Steve:
Like a deep cave, the temperature of deep groundwater remains fairly constant. The principle behind a geothermal heat pump system is that when the building temperature is warm, deep water is pumped up, the heat of the building is extracted, and the water is pumped back down into the deep water reservoir. Conversely, when the outside temperature is colder than the water temperature, the reverse occurs. Because the water temperature may be rather temperate, not warm, some additional heating may be needed during the colder months to make up for any net thermal losses. Also, unlike a drinking water well, two wells are needed to maintain a circulating water flow.

A geothermal heat pump system should not be confused with the other kind of geothermal energy system that uses even deeper wells (2 – 6 miles) to tap into heated geological zones to obtain hot water for heating and/or steam to produce electricity.

In general, the high cost to drill two deep wells typically limits the use of geothermal heat pump systems to commercial offices and large apartment buildings, though not always. Also, electricity is still needed to power the circulating water pumps and any forced air distribution fans.

Additional information on geothermal energy systems can be found, of course, here at www.Greenbiz.com by searching on “geothermal”, the Department of Energy’s Geothermal Energy Program and EPA’s Energy Star geothermal program. You may also want to check out the Renewable Energy Policy Project and the Geothermal Heat Pump Consortium’s National Earth Comfort Program

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Do you think “Janitors Insurance” has affected management push for improved safety programs?

Richard:
Obviously, you have been reading the Wall Street Journal. There has been a recent series of articles on the widespread but little known practice of companies taking out life insurance polices on workers at all levels, including the lower ranks. It offers companies tax-free investment buildup and provides tax-free death benefits when workers, former workers or retirees die.

It was originally designed to insure against the death of key employees, under the rationale that their loss would significantly affect the company. Before the 1980s state insurance laws specified that the person or entity had to have an “insurable interest” in the individual, but after industry lobbying this restriction was liberalized considerably. Now companies in most states can insure any employee and not even tell the individual.

So we are left with a situation where “dead peasants” (another name for this insurance) are worth far more dead than alive to companies such as Dow Chemical, American Electric Power, Procter & Gamble, PPG, Olin, Nestle, Wall-Mart, and scores of others. There are various moves afoot by the IRS and congress to crack down on this practice, but back to your question.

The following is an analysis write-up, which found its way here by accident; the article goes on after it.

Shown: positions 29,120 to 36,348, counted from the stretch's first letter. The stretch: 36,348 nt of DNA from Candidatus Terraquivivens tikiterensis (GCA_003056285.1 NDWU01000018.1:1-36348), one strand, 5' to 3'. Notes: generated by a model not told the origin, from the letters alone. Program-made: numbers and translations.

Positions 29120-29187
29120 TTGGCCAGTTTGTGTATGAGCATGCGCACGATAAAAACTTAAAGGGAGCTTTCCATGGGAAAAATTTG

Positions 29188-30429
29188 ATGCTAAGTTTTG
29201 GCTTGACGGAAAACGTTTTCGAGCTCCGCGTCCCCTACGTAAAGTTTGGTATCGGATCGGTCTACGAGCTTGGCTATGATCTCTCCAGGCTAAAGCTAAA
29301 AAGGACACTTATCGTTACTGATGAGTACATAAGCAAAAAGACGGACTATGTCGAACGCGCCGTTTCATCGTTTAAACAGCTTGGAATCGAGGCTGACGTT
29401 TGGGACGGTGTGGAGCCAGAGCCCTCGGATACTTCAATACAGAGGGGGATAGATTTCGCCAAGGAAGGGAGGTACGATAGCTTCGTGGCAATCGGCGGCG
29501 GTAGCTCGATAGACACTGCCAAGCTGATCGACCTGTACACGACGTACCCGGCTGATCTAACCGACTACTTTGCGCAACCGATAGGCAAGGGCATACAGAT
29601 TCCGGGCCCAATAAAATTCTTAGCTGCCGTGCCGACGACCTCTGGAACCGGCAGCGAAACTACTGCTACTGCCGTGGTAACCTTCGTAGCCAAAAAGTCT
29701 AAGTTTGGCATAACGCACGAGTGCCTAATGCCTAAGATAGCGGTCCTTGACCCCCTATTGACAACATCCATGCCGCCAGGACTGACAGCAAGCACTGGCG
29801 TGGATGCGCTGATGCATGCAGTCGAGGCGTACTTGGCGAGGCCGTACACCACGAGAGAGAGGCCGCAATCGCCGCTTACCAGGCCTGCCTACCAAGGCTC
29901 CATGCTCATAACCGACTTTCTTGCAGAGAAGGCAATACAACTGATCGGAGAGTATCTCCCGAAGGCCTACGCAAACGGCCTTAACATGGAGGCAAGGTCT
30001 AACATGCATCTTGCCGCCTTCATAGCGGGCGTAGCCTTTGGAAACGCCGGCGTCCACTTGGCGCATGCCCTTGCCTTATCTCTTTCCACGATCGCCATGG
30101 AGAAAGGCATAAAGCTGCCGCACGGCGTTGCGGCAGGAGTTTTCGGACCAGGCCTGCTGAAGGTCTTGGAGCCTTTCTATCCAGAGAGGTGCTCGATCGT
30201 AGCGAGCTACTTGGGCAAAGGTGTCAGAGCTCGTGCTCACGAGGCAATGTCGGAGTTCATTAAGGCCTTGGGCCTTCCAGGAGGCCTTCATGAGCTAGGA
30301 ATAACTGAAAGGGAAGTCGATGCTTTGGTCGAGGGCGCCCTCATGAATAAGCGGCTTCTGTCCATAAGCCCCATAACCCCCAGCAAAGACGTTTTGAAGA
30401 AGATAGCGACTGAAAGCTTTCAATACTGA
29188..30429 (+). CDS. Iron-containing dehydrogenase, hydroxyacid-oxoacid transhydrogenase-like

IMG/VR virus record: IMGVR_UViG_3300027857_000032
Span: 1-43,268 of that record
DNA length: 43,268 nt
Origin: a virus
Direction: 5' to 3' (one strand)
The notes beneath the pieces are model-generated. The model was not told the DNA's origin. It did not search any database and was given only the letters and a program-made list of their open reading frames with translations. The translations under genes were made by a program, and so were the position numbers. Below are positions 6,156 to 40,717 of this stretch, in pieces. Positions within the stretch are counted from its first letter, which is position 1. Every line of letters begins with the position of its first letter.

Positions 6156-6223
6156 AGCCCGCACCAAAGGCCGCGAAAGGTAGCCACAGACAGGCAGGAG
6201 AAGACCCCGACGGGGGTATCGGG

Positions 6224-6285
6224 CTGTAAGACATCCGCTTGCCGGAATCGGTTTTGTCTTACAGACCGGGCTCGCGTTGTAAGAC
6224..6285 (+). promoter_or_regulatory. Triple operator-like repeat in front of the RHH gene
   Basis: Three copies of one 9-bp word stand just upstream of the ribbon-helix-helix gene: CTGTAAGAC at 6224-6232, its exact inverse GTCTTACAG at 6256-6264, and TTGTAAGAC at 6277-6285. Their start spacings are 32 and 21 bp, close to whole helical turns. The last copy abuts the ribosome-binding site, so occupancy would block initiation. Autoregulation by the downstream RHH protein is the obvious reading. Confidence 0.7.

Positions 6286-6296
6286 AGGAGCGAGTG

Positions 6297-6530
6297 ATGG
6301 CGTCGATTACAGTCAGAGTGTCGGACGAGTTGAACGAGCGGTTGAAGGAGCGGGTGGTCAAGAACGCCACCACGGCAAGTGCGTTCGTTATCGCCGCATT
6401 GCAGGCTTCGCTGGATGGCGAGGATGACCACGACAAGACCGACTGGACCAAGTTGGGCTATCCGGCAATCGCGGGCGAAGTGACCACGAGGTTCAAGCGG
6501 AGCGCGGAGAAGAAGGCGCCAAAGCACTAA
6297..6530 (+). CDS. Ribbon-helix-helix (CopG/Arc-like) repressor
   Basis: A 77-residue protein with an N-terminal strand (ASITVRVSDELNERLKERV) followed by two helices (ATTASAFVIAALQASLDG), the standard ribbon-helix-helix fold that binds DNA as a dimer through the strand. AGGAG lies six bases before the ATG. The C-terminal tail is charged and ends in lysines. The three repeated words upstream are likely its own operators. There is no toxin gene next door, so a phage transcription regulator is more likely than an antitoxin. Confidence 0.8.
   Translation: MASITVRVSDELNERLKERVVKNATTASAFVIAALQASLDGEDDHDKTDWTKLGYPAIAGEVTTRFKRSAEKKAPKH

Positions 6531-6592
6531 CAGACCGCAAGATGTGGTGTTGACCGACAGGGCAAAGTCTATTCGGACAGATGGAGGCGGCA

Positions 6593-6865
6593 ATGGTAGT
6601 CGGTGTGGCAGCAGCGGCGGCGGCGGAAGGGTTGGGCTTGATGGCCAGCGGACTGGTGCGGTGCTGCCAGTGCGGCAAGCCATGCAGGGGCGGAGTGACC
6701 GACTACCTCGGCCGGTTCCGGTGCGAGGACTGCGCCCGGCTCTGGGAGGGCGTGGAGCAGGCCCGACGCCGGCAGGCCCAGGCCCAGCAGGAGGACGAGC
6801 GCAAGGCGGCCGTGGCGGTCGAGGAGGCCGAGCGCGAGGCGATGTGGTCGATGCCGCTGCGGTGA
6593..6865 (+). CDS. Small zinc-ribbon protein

I doubt that it has influenced management’s support for safety. Injured employees represent a tremendous cost to companies. Companies spend billions on worker compensation, medical and disability costs, not to mention lost productivity. Indeed, these costs are the financial justification for beyond compliance safety and health programs. It is an all or nothing proposition: either you do a stellar job at protecting employees from death, or you risk an even greater cost in the form of injury either on or off the job.

I suppose that if employers had the morals of Attila the Hun and no legal restrictions, they could treat workers like injured horses at the race track and just shoot them to collect. This statement may bring smiles to some (sounds like my company!), but let’s face it, management would not even remotely consider putting workers at such lethal risk.

The real concern is the optics. If your company has “broad-based life insurance” (the technical name), you should openly discuss it with employees to put their concerns or misunderstandings to rest.

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I’m confused by the range of values I have found for the amount of carbon dioxide that an automobile produces every gallon of gasoline burned. What number should I use?

Steve:
The exact value will depend on a variety of factors, including the combustion efficiency, the specific gasoline blend, and the altitude. I ‘share your pain’ regarding the wide variation in numbers provided in various tables and emissions calculators - my sources indicate anywhere from 19.6 to 32 pounds per gallon.

According to Mike Aucott, a research scientist with the New Jersey Department of Environmental Protection, “Gasoline blends differ, but it can be assumed that gasoline is between 84% and 92% carbon by weight (i.e., somewhere between the carbon to hydrogen ratio of octane, C8H18, and benzene, C6H6). The percent carbon could be somewhat lower if the fuel contains oxygenates. It is safe to assume all the carbon will be converted to CO2 as today's cars emit very little CO, and what they do emit is turned to CO2 eventually in the atmosphere anyway. With a gasoline density of 2.7 to 2.8 kg (5.9 to 6.1 lb) per gallon, this translates to between about 5 and 5.7 pounds of carbon per gallon, depending on the percent carbon. Converting this to CO2, it becomes between 19 and 20.9 lbs per gallon. Compare this with the US DOE/EIA factor of 19.6 lbs/gal." The US DOE/EIA emission factors for gasoline and many other fuel types can be found in Form EIA-1605, Voluntary Reporting of Greenhouse Gases, Instructions, 1997, Appendices B and C.

So, we can say with reasonable confidence that the combustion of a gallon of gasoline produces between 19 and 21 pounds CO2. A good overall number to use is probably 20 pounds per gallon.

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How much material was recycled at the 2002 Winter Olympics?

Steve:
I spoke with Shannon McCarthy of the Salt Lake Organizing Committee. She states that out of the 824 tons of material received at the materials recovery facility, 309 tons were recycled, 484 tons were composted and 31 tons were landfilled. This equates, she says, to a 96.3% total recycling rate.

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Steve Rice is the founder and president of Environmental Opportunities, Inc., a strategic environmental management advisory firm and has worked for both Exxon and BASF in a variety of environmental management positions. Richard MacLean is president of Competitive Environment Inc., a management consulting firm in Scottsdale, Arizona. He also serves as the Director of the Center for Environmental Innovation, Inc. and has held executive level health, safety and environmental positions in several Fortune 500 companies.